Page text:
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By Eric Topor
Medicare payments worth potentially hundreds of millions of dollars to hospitals nationwide hang in the balance as providers wait to see whether the Department of Health and Human Services will appeal a recent court loss to the U.S. Supreme Court.
Health-care attorneys will be watching what steps the HHS takes after the U.S. Court of Appeals for the District of Columbia Circuit invalidated the prevailing Medicare rule on how disproportionate share hospital (DSH) payments are calculated, specifically, how the DSH payment calculation accounts for managed care beneficiaries ( Allina Health Servs. v. Hargan, 2017 BL 426456, D.C. Cir., No. 16-5255, rehearing denied 11/29/17).
The appeals court recently denied HHS an opportunity for rehearing in the case. The HHS has until Feb. 27—or longer if an extension is granted—to petition the Supreme Court to review the decision or acquiesce to the July 2017 appeals court ruling. Kenneth Marcus, an attorney with Honigman Miller Schwartz and Cohn LLP in Detroit, told Bloomberg Law the Supreme Court likely would decide whether to grant any petition in Allina during its current term, and if granted, would probably consider the case during the next one.
A Supreme Court decision in Allina could decide whether the Medicare Act allows for interpretive rulemaking, which doesn’t require a public notice and comment period. However, if the HHS decides against Supreme Court review, the agency will have to decide whether to continue to litigate the many similar cases brought by hospitals that are working their way through the administrative appeals process, or acquiesce to the D.C. Circuit ruling.
Stephanie A. Webster with Akin Gump Strauss Hauer & Feld LLP in Washington, who represents the plaintiff hospitals in Allina, told Bloomberg Law that litigation on this issue “could help determine the landscape going forward” for the process of Medicare policy changes. Stephen P. Nash, with Squire Patton Boggs in Denver, noted there is a federal circuit court split on whether the Medicare Act allows for interpretive rulemaking. The split could increase the likelihood of the Supreme Court accepting the case for review.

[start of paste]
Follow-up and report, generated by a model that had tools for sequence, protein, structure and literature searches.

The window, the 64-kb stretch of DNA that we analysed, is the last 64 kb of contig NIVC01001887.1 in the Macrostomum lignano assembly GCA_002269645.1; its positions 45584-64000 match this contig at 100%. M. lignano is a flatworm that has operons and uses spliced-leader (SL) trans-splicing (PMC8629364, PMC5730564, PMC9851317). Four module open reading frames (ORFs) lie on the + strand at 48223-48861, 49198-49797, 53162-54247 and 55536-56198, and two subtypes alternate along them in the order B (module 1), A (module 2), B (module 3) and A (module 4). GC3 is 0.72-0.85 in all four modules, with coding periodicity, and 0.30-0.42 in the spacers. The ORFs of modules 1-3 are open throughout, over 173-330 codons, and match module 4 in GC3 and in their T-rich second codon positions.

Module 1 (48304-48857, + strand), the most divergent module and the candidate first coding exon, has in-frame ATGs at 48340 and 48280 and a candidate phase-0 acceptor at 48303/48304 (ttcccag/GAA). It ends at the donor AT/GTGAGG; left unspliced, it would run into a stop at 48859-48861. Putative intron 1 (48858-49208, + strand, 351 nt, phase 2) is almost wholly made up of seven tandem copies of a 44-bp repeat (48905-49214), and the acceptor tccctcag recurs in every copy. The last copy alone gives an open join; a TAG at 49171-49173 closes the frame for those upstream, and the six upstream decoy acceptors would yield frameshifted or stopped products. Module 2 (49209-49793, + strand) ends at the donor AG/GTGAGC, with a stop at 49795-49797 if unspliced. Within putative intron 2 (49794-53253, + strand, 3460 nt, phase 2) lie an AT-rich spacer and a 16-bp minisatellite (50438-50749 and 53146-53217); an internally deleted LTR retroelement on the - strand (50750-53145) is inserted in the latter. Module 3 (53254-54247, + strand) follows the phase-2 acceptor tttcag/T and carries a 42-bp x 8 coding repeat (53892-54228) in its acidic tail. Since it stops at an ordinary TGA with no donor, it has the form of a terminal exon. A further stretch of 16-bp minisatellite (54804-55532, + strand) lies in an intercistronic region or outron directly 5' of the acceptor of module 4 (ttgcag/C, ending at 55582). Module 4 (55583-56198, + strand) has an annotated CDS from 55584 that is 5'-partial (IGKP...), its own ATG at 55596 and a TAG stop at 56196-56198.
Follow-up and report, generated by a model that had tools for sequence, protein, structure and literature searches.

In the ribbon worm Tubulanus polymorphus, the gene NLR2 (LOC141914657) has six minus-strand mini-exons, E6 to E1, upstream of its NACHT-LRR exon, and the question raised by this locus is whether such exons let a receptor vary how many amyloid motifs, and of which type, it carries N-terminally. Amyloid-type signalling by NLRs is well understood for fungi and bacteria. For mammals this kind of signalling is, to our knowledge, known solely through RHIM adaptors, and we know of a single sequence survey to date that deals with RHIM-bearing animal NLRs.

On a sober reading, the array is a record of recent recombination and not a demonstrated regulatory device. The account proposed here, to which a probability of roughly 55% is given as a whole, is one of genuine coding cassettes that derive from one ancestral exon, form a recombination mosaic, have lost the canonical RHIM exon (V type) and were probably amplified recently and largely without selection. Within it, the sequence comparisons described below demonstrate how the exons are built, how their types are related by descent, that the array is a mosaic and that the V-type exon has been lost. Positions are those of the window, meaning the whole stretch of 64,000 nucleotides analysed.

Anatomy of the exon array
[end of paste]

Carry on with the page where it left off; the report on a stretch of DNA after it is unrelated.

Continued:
Acquiescence would mean paying significant Medicare reimbursements to hospitals with pending appeals, Marcus said, a route the HHS took in another DSH dispute, resulting in settlement with hundreds of hospitals in 2016.
“CMS may be reluctant to take that approach,” Marcus said, given the financial cost of complete acquiescence, though he added that administering relief to hospitals nationwide will “consume a lengthy period of time” if the D.C. Circuit ruling stands.
There appears to be no clear solution to the continuing saga of backlogged Medicare appeals at the administrative law judge level, standing at more than 500,000 appeals heading into 2018. Having been released by the District of Columbia Circuit from a court ruling requiring complete resolution of the backlog by 2020—an impossible goal according to the HHS—the agency has renewed its efforts for obtaining summary judgment on claims brought by the American Hospital Association.